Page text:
A Moscow court has sentenced Alexei Navalny to two years and eight months in a prison colony in a landmark decision for Vladimir Putin’s crackdown on the country’s leading opposition figure.
Navalny, who has accused the Russian president and his allies of stealing billions, was sentenced to prison for violating parole from a 2014 sentence for embezzlement. He said the case against him was politically motivated.
The judge subtracted 10 months he spent under house arrest from his original three-and-a-half-year sentence as she delivered the verdict.
The court’s decision makes Navalny the most prominent political prisoner in Russia and may be the most important verdict against a foe of Putin’s since the 2005 jailing of the oligarch Mikhail Khodorkovsky.
In a fiery speech from a Moscow city courtroom decorated with portraits of Cicero and Montesquieu ahead of the sentencing, Navalny accused Putin of ordering his assassination and said that the Russian leader’s “only method is killing people”.
He flashed a heart sign with his hands to his wife, Yulia, when he later returned to learn his sentence.
The Kremlin’s decision to send Navalny to prison came despite the threat of historic street protests and international condemnation from the US government and other foreign leaders. Diplomats from more than half a dozen western countries attended the court.
But the sentencing showed the exhaustion of Russia’s leaders with Navalny, who even from jail released a detailed investigation into a £1bn Black Sea palace allegedly built for Putin’s use.
He was arrested upon returning to Russia last month after surviving in August 2020 a suspected FSB assassination attempt with a novichok poison similar to that used in Salisbury in 2018.
Russian prison officials had said while Navalny recovered in Germany that they would seek to jail him for violating parole in the 2014 case in an apparent attempt to keep the Kremlin critic in exile, but he flew back all the same.
“Someone did not want me to take a single step on my country’s territory as a free man. And we know who and we know why – the hatred and fear of one man, living in a bunker, whom I offended by surviving when he tried to have me killed,” he said of Putin.
“His only method is killing people. However much he pretends to be a great geopolitician, he’ll go into history as a poisoner.”
“This isn’t a political rally,” the judge interrupted him at one point. “Let’s not do politics here.”
The 16-minute speech may be one of the opposition leader’s last public orations in the coming years. Investigators are preparing to bring new charges against Navalny on fraud and other charges that could carry a sentence of another decade in a penal colony if they are brought to trial.
In his remarks, Navalny called on his supporters not to fear the government, saying: “You can’t imprison the whole country.” More than 5,000 people were detained in nationwide protests this weekend and senior Navalny aides have been swept up in government raids.
“Locking me up isn’t difficult,” Navalny told the court. “This is happening to intimidate large numbers of people. They’re imprisoning one person to frighten millions.”
He called the court case a “performance”. “This is what happens when lawlessness and tyranny become the essence of a political system, and it’s horrifying,” he said.
For years, the government had harassed Navalny, holding him under house arrest, jailing his aides and imprisoning his brother for three-and-a-half years in 2014. But until Tuesday, it had stopped short of giving him a long prison sentence, apparently fearing a backlash.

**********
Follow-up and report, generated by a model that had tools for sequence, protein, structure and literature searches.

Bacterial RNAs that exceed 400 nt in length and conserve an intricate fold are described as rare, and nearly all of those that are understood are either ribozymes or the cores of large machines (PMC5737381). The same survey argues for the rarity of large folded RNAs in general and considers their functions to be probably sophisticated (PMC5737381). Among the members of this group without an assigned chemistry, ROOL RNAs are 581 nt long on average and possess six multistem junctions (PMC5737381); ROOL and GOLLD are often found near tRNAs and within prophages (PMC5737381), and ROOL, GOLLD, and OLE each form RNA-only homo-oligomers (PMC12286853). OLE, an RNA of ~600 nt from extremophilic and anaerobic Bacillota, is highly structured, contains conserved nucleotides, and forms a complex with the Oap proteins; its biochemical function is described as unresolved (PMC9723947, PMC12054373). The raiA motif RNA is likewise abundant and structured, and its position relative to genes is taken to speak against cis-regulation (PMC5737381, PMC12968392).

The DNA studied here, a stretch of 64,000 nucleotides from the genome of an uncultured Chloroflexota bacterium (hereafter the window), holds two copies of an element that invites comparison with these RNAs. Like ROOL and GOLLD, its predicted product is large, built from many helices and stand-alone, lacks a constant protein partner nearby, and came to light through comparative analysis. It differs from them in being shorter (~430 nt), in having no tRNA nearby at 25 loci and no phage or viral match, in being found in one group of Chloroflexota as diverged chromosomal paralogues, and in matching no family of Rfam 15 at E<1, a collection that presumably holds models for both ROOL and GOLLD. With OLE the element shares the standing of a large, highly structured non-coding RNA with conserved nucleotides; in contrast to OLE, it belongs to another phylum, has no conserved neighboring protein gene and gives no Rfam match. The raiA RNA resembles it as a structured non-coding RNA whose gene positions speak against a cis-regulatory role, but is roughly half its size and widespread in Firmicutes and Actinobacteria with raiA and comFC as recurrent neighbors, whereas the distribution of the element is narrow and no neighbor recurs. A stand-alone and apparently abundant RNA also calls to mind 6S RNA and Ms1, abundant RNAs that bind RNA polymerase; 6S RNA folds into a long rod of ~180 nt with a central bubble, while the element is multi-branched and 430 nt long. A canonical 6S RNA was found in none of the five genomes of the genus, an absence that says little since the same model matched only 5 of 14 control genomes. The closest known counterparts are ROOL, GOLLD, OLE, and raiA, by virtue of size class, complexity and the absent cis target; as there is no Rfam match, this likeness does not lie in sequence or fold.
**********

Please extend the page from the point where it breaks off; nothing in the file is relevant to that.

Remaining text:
In 2013, a judge abruptly set Navalny free on parole one day after thousands protested against his five-year prison sentence on the streets outside the Kremlin. The sudden about-face confirmed what many in the opposition believed: that important court decisions are made in the Kremlin.
The government’s mood apparently changed following the failed assassination attempt and a deeply embarrassing investigation by Bellingcat, which exposed the attack as the work of an FSB hit squad who had shadowed Navalny around Russia for years. In a flourish, Navalny managed to elicit a confession from a member of the FSB, the Russian intelligence service that Putin formerly headed.
Before the verdict, hundreds of police were deployed around the Moscow city court in expectation of fresh protests. By 5pm, at least 235 people had been arrested, according to the OVD-Info monitor, although the court had yet to deliver a decision.
The hearing was held in an oak-panelled courtroom at a packed Moscow city court, where authorities barred reporters from taking photographs or videos of the proceedings. Dressed in a blue hoodie, Navalny joked with his family and needled the judge and prosecutor, who cross-examined him on whether he had missed parole check-ins from earlier in 2020s.
From a glass-windowed holding cell called an “aquarium”, he told his wife: “They showed you in my cell. They say you keep violating public order. You’re a bad girl. I’m proud of you.”
Diplomats at the hearing were chased by state television journalists peppering them with questions about whether they were extending Navalny political support. Navalny’s allies have also called for new sanctions against some of Putin’s closest allies and the officials involved in his case.
Maria Zakharova, a spokeswoman for the Russian foreign ministry, called the western diplomats’ presence “meddling”.
“It exposes the mean and illegal role of the collective west in attempts to restrain Russia,” she said. “Or is it an attempt to put psychological pressure on the judge?”
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